Sculptor Amanda Bulger and painter Kamar Thomas arrived in Storrs as MFA students in art through different paths.
Bulger grew up on her family’s farm in Wisconsin making art inspired by the rural landscape, and studied art at the University of Wisconsin-Eau Claire. Thomas first arrived in Connecticut as an undergraduate at Wesleyan University in Middletown, and returned to his home in Jamaica to teach art before heading north again to eastern Connecticut to create large, colorful paintings that draw viewers to the canvas.
Their creations are part of the cohort of works that is “The 2016 Master of Fine Arts Exhibition: Are We All Here?” at the William Benton Museum of Art, continuing through May 8.
Thomas calls his series of large, colorful self-portraits “Schizophrenic Masculinity.” The series explores his journey of self-discovery during his time as a student in the United States at Wesleyan and at UConn.
“It was really about coming the U.S. and discovering I was black,” Thomas says about the inspiration for his paintings. “Outside of the U.S., [being black] doesn’t mean the same thing. There isn’t the culture and expectations that are here, having to reconcile those expectations and struggling with that, finding it in many ways. I would say it shows the more activist side of my life, struggling with those questions and just growing up, to be many things at once.”
His creative process involves painting his face with different colors and taking photos that he can use as the foundation of painting on large square canvases, each with a different dominant hue. He says working with a large image both helps him to better see his work through the thick eyeglasses he wears while also allowing him to stay engaged more fully with the painting because he must use his entire body while painting.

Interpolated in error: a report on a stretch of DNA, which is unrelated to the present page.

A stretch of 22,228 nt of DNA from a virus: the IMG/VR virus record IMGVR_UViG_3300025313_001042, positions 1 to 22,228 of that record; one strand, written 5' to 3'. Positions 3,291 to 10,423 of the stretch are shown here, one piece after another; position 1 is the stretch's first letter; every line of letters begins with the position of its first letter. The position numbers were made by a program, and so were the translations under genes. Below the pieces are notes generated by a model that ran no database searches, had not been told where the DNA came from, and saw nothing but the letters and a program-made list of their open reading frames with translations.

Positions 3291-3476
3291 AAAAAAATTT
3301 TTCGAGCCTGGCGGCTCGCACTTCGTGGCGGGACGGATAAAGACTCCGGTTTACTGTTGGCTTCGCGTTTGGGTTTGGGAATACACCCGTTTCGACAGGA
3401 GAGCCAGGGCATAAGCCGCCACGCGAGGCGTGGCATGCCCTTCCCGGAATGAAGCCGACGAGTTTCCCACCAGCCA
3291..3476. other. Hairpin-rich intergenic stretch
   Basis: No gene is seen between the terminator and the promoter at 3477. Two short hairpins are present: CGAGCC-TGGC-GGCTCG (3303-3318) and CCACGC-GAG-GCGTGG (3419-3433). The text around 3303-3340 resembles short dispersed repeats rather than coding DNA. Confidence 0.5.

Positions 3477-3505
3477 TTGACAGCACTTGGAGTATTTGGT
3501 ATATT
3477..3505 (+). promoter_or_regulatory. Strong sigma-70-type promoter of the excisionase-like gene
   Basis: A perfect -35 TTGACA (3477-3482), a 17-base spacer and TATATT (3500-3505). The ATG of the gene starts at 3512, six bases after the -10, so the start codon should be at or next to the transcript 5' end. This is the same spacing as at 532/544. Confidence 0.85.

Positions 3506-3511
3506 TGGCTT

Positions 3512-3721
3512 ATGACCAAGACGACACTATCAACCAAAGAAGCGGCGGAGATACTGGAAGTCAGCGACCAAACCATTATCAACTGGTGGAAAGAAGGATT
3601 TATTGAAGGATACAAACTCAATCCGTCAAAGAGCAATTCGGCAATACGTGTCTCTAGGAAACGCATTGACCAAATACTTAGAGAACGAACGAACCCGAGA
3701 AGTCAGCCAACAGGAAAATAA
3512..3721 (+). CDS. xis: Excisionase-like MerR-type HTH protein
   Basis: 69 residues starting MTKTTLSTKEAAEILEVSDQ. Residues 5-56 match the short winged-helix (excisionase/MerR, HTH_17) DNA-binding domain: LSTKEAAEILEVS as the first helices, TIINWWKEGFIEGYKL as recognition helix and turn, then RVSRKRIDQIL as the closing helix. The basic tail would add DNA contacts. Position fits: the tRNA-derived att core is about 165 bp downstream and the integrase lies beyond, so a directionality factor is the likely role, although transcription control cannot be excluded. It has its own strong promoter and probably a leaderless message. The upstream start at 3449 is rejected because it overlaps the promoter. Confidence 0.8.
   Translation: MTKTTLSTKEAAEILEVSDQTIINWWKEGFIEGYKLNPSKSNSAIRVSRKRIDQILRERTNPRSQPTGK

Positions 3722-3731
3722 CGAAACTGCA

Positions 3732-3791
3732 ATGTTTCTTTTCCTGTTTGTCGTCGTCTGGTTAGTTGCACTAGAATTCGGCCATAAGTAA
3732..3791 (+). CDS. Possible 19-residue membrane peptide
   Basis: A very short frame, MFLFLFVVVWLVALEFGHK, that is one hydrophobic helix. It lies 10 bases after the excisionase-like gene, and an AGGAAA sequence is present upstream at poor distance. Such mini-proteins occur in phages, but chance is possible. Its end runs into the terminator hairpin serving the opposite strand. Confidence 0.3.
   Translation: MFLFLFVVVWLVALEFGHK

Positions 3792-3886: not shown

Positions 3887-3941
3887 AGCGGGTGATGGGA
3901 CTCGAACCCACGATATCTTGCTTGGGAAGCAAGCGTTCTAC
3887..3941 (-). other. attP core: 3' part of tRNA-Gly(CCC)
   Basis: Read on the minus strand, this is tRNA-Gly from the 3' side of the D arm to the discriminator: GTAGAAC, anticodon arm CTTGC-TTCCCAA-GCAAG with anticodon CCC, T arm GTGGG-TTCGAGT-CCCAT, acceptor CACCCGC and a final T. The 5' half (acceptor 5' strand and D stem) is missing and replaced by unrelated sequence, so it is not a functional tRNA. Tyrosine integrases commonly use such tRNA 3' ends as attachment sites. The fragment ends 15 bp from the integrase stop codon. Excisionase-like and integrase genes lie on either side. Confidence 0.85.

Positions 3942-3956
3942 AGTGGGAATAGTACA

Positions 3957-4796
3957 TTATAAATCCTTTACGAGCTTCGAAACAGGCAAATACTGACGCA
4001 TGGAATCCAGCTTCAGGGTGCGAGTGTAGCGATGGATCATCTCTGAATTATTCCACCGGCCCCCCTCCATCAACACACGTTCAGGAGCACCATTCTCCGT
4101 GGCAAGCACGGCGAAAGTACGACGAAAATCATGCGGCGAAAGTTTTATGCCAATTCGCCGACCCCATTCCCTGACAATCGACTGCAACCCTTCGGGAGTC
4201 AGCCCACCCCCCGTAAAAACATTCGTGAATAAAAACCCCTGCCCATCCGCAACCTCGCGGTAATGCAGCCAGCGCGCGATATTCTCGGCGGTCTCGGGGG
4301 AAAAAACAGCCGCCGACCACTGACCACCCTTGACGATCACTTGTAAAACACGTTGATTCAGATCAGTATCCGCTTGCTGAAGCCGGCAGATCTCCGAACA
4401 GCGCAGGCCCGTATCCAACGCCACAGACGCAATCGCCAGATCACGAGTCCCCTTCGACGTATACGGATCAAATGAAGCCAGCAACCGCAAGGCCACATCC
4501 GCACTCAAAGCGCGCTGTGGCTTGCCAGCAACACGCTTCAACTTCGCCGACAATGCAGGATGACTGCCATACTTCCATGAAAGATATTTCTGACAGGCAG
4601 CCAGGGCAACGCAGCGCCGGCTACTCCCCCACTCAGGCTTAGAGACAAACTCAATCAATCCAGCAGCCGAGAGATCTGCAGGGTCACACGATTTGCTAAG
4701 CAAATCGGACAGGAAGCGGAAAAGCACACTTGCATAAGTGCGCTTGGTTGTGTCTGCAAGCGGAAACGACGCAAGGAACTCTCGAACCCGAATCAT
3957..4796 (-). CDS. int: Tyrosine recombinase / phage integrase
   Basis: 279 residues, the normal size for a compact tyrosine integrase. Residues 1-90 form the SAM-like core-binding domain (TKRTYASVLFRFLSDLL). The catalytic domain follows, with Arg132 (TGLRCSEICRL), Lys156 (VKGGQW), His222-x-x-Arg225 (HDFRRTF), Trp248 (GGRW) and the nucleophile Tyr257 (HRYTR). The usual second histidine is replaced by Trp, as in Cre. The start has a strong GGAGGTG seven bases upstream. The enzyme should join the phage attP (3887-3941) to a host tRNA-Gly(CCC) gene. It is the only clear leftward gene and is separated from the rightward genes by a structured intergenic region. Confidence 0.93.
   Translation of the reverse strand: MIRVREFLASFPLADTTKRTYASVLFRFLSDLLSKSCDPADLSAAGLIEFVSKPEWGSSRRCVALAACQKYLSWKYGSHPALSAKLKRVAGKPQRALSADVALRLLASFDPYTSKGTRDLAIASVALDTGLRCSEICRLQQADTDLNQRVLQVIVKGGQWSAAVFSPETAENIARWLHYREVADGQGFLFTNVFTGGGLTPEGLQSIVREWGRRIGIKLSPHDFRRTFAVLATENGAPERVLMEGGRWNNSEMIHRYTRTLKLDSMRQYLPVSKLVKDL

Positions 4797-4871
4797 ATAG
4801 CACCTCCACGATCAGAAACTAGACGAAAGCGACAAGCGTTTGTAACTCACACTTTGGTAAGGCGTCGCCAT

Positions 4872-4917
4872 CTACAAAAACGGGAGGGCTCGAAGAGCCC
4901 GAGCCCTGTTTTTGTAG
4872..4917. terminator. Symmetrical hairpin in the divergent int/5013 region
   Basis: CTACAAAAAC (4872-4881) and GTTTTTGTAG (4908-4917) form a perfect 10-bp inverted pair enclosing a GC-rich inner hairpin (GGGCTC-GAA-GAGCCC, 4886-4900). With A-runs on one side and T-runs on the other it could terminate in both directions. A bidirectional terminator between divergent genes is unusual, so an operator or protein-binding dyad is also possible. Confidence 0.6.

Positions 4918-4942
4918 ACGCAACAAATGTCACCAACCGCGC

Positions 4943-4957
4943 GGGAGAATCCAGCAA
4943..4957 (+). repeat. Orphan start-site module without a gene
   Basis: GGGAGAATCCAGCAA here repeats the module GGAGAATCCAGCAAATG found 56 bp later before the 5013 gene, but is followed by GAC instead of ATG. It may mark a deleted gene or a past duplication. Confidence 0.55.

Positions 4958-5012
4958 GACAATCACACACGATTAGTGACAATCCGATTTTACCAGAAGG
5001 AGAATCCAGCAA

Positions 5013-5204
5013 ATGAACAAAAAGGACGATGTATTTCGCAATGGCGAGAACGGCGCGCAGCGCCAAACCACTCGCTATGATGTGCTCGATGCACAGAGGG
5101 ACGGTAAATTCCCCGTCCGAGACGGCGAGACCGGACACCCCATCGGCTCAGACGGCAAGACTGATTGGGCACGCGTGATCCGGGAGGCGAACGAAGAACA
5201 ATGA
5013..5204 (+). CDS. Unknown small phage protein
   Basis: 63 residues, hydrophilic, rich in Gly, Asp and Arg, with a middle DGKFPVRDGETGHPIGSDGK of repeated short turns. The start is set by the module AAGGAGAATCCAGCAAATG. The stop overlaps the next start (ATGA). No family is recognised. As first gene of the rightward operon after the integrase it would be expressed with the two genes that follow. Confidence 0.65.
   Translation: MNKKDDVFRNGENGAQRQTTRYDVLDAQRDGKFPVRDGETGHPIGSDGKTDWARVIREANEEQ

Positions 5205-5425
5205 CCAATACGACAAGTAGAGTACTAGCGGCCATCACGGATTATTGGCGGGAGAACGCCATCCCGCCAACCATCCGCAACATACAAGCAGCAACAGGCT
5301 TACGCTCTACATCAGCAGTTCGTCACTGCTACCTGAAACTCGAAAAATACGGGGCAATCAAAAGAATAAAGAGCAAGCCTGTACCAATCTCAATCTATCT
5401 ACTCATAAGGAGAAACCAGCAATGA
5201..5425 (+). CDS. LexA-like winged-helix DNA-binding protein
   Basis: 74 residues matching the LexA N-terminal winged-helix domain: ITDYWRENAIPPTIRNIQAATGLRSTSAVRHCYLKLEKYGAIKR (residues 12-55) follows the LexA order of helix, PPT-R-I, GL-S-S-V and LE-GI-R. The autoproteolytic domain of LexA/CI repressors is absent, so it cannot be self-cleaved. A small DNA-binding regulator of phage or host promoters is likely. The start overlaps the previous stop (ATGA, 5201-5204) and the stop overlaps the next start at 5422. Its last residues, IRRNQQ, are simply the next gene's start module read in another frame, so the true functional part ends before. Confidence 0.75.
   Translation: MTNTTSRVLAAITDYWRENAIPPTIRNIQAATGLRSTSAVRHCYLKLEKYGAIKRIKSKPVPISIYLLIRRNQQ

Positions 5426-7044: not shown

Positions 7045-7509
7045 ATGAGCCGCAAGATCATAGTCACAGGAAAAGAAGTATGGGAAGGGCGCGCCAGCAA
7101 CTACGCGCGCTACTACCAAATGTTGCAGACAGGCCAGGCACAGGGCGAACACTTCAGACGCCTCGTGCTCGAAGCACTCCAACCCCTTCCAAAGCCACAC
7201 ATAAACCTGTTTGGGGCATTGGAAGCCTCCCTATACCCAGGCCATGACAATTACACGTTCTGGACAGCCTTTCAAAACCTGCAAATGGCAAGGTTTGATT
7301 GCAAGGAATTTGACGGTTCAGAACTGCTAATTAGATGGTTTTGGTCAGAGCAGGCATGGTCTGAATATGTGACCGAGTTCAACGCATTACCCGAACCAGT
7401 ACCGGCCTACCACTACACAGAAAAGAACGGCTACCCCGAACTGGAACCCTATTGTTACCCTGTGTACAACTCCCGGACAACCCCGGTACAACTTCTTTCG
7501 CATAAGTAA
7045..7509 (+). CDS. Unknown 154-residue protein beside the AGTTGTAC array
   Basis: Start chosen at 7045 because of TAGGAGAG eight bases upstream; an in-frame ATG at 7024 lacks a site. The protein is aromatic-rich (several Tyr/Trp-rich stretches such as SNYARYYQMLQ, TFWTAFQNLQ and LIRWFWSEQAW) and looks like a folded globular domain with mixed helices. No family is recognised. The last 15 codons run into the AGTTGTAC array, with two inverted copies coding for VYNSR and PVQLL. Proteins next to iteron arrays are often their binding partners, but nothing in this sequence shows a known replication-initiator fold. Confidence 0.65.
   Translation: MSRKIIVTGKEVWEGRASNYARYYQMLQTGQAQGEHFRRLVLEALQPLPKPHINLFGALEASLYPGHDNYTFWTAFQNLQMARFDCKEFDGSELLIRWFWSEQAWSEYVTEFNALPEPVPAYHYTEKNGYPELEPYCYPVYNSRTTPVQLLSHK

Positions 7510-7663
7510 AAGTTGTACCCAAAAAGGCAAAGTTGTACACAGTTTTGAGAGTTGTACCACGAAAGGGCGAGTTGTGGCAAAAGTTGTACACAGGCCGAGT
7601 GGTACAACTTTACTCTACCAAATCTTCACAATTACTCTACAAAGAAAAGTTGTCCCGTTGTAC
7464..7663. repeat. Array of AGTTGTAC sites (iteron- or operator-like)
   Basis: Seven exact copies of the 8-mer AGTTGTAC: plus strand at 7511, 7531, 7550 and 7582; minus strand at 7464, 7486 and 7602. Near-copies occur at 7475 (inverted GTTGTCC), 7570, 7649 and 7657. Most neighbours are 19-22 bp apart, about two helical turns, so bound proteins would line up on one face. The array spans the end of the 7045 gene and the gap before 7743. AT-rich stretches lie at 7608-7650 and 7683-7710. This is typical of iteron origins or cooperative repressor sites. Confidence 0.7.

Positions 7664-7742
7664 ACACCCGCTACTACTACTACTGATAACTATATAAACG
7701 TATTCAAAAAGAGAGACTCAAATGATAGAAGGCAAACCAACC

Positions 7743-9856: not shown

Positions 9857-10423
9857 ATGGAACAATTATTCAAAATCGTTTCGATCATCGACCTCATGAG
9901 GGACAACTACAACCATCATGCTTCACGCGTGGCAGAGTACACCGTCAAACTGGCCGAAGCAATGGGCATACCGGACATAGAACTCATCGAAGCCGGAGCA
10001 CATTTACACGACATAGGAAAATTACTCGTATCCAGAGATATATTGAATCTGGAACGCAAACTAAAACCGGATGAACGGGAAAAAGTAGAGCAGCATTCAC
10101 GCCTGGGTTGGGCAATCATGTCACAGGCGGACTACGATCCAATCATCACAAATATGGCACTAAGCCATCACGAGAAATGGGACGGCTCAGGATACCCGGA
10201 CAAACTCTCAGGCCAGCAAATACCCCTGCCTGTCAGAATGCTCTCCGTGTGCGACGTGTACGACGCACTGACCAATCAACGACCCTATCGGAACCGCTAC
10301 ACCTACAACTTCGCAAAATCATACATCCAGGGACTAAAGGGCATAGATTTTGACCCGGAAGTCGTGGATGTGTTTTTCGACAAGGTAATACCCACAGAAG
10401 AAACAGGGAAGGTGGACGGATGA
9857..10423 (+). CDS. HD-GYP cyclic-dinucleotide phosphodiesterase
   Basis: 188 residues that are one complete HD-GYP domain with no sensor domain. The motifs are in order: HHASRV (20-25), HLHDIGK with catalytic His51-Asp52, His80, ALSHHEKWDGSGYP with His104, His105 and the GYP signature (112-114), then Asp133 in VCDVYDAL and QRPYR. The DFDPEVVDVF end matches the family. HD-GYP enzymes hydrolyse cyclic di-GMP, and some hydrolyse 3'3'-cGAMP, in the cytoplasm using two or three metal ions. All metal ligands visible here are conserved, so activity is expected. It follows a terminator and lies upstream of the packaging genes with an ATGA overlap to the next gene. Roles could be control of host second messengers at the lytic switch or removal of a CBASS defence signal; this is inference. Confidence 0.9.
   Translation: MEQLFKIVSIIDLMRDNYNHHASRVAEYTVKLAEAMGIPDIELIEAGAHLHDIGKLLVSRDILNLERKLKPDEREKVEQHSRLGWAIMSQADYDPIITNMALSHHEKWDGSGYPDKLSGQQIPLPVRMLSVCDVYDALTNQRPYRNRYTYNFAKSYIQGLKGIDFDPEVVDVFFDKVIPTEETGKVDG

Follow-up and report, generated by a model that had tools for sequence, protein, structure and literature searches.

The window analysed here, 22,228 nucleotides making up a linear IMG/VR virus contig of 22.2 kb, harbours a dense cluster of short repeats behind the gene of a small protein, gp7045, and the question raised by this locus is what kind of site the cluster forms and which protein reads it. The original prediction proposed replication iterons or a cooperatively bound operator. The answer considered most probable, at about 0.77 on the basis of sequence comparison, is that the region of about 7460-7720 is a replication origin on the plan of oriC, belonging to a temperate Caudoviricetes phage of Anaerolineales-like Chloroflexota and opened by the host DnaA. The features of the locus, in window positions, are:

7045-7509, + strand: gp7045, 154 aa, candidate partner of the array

“And for the subject matter I’m dealing with, faces and masks, it’s the best format for the size,” Thomas adds. “I call it overwhelming intimacy. If you’re ever that close to someone’s face, you’re either making love or a fight is about to happen.”
Bulger says she was attracted to UConn because it would allow her to live in a familiar rural environment that also provides the found objects from farm life that she uses to create her sculptures. By sheer coincidence, she asked her sculpture professor at the University of Wisconsin-Eau Claire to write a recommendation, not realizing that Jason Lanka, now an assistant professor of art at Sheridan College in Gillette, Wyo., was a 2005 MFA graduate from UConn.
“[Coming to Storrs,] I wouldn’t be suffering from a shift from being on the farm to moving to the city,” Bulger says. “Judith [Thorpe, MFA director,] told me in my interview that there are cows on campus. That kind of sold me.”
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“The 2016 Master of Fine Arts Exhibition: Are We All Here?” continues at the William Benton Museum of Art, 245 Glenbrook Road, Storrs, through May 8. For more information, go to the Benton website.